In 2019, the European Commission announced that CBD and other cannabinoids would be classified as "novel foods", meaning that CBD products would require authorization under the EU Novel Food Regulation stating: because "this product was not used as a food or food ingredient before 15 May 1997, before it may be placed on the market in the EU as a food or food ingredient, a safety assessment under the Novel Food Regulation is required." The recommendation – applying to CBD extracts, synthesized CBD, and all CBD products, including CBD oil – was scheduled for a final ruling by the European Commission in March 2019. If approved, manufacturers of CBD products would be required to conduct safety tests and prove safe consumption, indicating that CBD products would not be eligible for legal commerce until at least 2021.
Cannabis has been cultivated by humans, for a variety of purposes, since antiquity. So it comes as no surprise that there are several different species and even different varieties within the species, depending on the purpose the plants were bred for. Through artificial selection, different species of cannabis have different properties–some have been used for medicinal purposes, others as food, and others to create clothes, ropes, and other items.
Schizophrenia. Research on the use of cannabidiol for psychotic symptoms in people with schizophrenia is mixed. Some early research suggests that taking cannabidiol four times daily for 4 weeks improves psychotic symptoms and might be as effective as the antipsychotic medication amisulpride. But other early research suggests that taking cannabidiol for 14 days is not beneficial. The mixed results might be related to the cannabidiol dose used and duration of treatment.
Various strains of "medical marijuana" are found to have a significant variation in the ratios of CBD-to-THC, and are known to contain other non-psychotropic cannabinoids. Any psychoactive marijuana, regardless of its CBD content, is derived from the flower (or bud) of the genus Cannabis. As defined by U.S. federal law, non-psychoactive hemp (also commonly-termed industrial hemp), regardless of its CBD content, is any part of the cannabis plant, whether growing or not, containing a ∆-9 tetrahydrocannabinol concentration of no more than 0.3% on a dry-weight basis. Certain standards are required for legal growing, cultivating, and producing the hemp plant. The Colorado Industrial Hemp Program registers growers of industrial hemp and samples crops to verify that the dry-weight THC concentration does not exceed 0.3%.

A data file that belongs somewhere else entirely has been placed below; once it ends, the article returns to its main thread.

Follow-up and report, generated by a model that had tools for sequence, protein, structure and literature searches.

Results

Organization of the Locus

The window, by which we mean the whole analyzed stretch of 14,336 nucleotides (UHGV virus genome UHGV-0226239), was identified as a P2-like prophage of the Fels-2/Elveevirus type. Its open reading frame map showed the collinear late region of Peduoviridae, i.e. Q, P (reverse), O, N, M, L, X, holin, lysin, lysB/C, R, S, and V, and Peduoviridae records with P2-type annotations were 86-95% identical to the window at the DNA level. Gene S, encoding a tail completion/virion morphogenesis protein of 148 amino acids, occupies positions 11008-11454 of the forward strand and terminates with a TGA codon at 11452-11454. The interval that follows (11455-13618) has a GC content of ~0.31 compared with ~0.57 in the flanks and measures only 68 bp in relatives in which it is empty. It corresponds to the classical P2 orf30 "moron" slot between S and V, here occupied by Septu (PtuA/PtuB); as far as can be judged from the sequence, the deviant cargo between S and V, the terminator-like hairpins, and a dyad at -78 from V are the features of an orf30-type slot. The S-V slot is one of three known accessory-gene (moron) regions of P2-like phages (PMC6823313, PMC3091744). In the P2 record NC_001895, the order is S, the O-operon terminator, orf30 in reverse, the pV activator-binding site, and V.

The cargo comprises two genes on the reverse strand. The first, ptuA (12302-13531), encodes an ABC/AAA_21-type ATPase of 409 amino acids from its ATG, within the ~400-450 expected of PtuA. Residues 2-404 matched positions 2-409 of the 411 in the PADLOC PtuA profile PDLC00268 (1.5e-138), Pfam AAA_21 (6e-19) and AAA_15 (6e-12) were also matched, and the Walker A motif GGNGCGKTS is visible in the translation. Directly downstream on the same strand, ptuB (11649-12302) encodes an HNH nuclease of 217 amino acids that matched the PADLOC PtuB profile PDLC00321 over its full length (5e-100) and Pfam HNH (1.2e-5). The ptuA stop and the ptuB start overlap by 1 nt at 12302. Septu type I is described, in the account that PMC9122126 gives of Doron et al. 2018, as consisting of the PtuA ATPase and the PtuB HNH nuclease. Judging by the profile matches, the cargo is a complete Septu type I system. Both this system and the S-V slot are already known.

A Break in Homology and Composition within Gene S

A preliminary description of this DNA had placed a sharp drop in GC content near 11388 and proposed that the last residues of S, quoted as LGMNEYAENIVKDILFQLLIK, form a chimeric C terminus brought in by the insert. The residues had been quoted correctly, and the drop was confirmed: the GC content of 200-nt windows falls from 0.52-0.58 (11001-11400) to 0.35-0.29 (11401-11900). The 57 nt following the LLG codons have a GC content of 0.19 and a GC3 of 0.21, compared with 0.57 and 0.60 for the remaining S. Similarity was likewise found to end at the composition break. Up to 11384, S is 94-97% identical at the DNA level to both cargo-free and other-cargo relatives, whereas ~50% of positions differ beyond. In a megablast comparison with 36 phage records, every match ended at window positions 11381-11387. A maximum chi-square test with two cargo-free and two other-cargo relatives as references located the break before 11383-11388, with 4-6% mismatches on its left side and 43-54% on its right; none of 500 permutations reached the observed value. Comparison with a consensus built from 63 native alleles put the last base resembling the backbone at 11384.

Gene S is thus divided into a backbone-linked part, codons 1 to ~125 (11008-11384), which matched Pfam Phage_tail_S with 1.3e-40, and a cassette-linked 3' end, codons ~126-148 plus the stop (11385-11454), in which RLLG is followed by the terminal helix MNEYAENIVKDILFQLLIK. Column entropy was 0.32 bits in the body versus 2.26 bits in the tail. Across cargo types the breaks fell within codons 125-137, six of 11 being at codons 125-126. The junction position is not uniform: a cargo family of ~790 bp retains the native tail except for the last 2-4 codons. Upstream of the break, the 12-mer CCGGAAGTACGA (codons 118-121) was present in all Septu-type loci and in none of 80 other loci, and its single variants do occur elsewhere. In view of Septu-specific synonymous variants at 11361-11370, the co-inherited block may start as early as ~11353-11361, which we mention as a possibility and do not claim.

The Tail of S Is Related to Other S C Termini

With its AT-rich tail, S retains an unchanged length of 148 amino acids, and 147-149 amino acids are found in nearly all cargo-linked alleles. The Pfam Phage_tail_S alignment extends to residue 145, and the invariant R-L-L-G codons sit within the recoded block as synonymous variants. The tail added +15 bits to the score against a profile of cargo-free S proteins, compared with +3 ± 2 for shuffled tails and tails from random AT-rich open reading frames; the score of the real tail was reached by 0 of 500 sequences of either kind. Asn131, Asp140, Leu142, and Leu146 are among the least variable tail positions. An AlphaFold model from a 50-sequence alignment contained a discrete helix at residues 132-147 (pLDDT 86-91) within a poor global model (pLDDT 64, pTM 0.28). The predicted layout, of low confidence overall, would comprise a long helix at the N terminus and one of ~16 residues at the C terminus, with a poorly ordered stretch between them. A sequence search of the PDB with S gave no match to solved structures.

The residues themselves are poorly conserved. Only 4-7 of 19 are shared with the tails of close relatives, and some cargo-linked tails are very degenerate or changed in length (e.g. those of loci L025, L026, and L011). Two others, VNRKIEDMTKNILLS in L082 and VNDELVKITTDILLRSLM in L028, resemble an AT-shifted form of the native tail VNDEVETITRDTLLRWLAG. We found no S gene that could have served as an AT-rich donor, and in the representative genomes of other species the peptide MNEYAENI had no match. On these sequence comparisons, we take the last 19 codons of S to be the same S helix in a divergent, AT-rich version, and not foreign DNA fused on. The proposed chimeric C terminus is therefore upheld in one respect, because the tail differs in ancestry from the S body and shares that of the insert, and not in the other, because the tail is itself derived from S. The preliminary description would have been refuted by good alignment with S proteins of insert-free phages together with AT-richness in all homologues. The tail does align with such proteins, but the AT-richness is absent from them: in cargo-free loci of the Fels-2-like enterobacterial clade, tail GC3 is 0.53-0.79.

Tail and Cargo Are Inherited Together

Similar to energy drinks and protein bars which may contain vitamin or herbal additives, food and beverage items can be infused with CBD as an alternative means of ingesting the substance. In the United States, numerous products are marketed as containing CBD, but in reality contain little or none. Some companies marketing CBD-infused food products with claims that are similar to the effects of prescription drugs have received warning letters from the Food and Drug Administration for making unsubstantiated health claims. In February 2019, the New York City Department of Health announced plans to fine restaurants that sell food or drinks containing CBD, beginning in October 2019.
In 2013 a CNN program that featured Charlotte's Web cannabis brought increased attention to the use of CBD in the treatment of seizure disorders. Since then, 16 states have passed laws to allow the use of CBD products with a doctor's recommendation (instead of a prescription) for treatment of certain medical conditions. This is in addition to the 30 states that have passed comprehensive medical cannabis laws, which allow for the use of cannabis products with no restrictions on THC content. Of these 30 states, eight have legalized the use and sale of cannabis products without requirement for a doctor's recommendation.
A disclaimer here: I am not a professional in this field. The symptoms I describe below and attribute to either to under or over dose of nicotine are information I have assembled by reading web sites and published studies; my advice is based only on that. I can not promise that they are absolute indications. Above all in your process of switching to vaping, listen to your body. If you can work out what it is telling you then that’s the best advice of all. vaping